THE Philippines needs to address the lack of clarity on investment policy, which is discouraging foreign direct investment (FDI), an economist from Fitch Solutions Country Risk & Industry Research said.
In a television interview Monday, Fitch Solutions Senior Country Risk Analyst Michael Langham said the delays in the 2019 budget approval and passage of tax reform laws slowed FDI net inflows last year. Net inflows dropped 23.1% from a year earlier to $7.647 billion.
This year, Mr. Langham said another set of uncertainties caused by the coronavirus pandemic and the still-ongoing debate over tax reform will further dampen foreign investment.
To attract more long-term FDI inflows, he said “more clarity for foreign investors is needed.”
“As we saw in 2019, FDI really dropped quite sharply and a lot of that was over policy uncertainty as well as the weaker outlook for the global economy,” he told ANC.
He said the proposal to lower corporate income tax will place the country at par with its neighbors but the measure, which is still pending at the Senate, could deter potential investment.
“The COVID-19 (coronavirus disease 2019) situation has already created enough uncertainty as it is; investors don’t need also tax and policy uncertainty on top of that,” he said.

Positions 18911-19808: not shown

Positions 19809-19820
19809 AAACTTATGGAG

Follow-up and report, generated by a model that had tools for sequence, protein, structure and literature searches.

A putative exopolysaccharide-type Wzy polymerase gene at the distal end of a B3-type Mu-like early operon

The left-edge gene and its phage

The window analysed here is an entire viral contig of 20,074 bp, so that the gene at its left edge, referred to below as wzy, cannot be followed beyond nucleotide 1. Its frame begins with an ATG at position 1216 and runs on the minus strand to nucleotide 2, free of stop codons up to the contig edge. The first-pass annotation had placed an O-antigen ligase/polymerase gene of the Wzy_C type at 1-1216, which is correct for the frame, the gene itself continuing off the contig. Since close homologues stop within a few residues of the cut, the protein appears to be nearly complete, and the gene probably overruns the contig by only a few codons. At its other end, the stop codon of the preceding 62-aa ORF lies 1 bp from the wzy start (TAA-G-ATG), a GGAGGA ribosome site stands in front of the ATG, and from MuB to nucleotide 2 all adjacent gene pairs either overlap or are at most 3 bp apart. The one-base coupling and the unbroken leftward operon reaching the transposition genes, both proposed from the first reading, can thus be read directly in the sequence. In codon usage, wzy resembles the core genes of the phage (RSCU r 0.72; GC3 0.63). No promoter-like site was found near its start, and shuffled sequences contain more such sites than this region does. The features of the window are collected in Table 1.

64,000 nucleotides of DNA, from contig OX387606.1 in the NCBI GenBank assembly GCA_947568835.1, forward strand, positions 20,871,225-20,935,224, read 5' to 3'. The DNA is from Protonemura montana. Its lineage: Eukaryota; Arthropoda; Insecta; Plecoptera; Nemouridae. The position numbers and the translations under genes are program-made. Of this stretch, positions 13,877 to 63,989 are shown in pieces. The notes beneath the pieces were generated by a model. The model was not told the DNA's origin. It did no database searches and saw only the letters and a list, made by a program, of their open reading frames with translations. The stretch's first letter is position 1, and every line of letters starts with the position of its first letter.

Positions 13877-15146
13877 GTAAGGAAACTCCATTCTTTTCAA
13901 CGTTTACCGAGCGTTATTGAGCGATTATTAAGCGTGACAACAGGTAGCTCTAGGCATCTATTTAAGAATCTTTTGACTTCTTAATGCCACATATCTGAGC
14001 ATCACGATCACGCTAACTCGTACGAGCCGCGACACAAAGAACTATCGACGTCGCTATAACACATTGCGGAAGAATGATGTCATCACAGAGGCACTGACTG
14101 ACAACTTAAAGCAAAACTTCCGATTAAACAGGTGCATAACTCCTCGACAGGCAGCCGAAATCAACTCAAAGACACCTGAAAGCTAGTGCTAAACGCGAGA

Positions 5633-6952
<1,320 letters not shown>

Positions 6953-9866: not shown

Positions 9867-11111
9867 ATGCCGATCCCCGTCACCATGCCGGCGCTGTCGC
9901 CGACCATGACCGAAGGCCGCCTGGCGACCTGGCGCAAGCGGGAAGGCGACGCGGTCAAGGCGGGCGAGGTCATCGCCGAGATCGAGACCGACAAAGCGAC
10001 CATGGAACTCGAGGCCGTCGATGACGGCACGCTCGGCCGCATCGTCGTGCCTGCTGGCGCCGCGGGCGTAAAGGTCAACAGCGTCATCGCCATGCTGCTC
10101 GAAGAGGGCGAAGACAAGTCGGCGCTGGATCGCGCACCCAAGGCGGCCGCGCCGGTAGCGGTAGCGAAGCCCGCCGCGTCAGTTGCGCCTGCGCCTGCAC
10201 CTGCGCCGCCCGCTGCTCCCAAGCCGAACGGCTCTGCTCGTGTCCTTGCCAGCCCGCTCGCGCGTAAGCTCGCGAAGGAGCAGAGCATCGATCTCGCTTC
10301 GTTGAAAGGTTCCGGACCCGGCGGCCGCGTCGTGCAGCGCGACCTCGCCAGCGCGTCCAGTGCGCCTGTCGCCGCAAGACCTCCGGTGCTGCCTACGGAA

Among the main contentions in the bill is the overhaul of the tax incentive system, which has also been cited as a cause of uncertainty last year, according to a June 10 report by Fitch Solutions.
The Corporate Recovery and Tax Incentives for Enterprises Act bill aims to lower corporate income tax to 25% this year and further to 20% by 2027 from the current 30% and streamline incentives while keeping sunset provisions at up to nine years.
Both chambers are currently on break until July 27. They could convene in a special session if the President calls them in to tackle urgent measures.
Mr. Langham said other factors that deter foreign investments are the high cost of logistics and other trade-related expenses.
In a recent report, Fitch Solutions forecast FDI inflows to “remain depressed” this year as the fallout caused by the pandemic is expected to “aggravate the challenges” the country faces in attracting foreign investment.
Mr. Langham added that a strong peso will also be considered a negative “in the very near term” for foreign investors “looking for discounted assets elsewhere particularly in the emerging markets.”
“But over the longer term, the peso stability has been somewhat positive in terms of the Philippines’ overall financial markets stability and that is something that over the coming years could prove a selling point in terms of investment into the Philippines,” he added.
The peso maintained its strength against the dollar despite headwinds from the coronavirus pandemic, outperforming weakening currencies in Southeast Asia. The peso is expected to trade between P50-54 against the dollar this year.
FDI inflows fell 18.5% year on year to $507 million in March , but slightly 1higher than the $505 million recorded in February.
The central bank attributed the decline to the impact of the pandemic on “investor sentiment and investment activity.” — Beatrice M. Laforga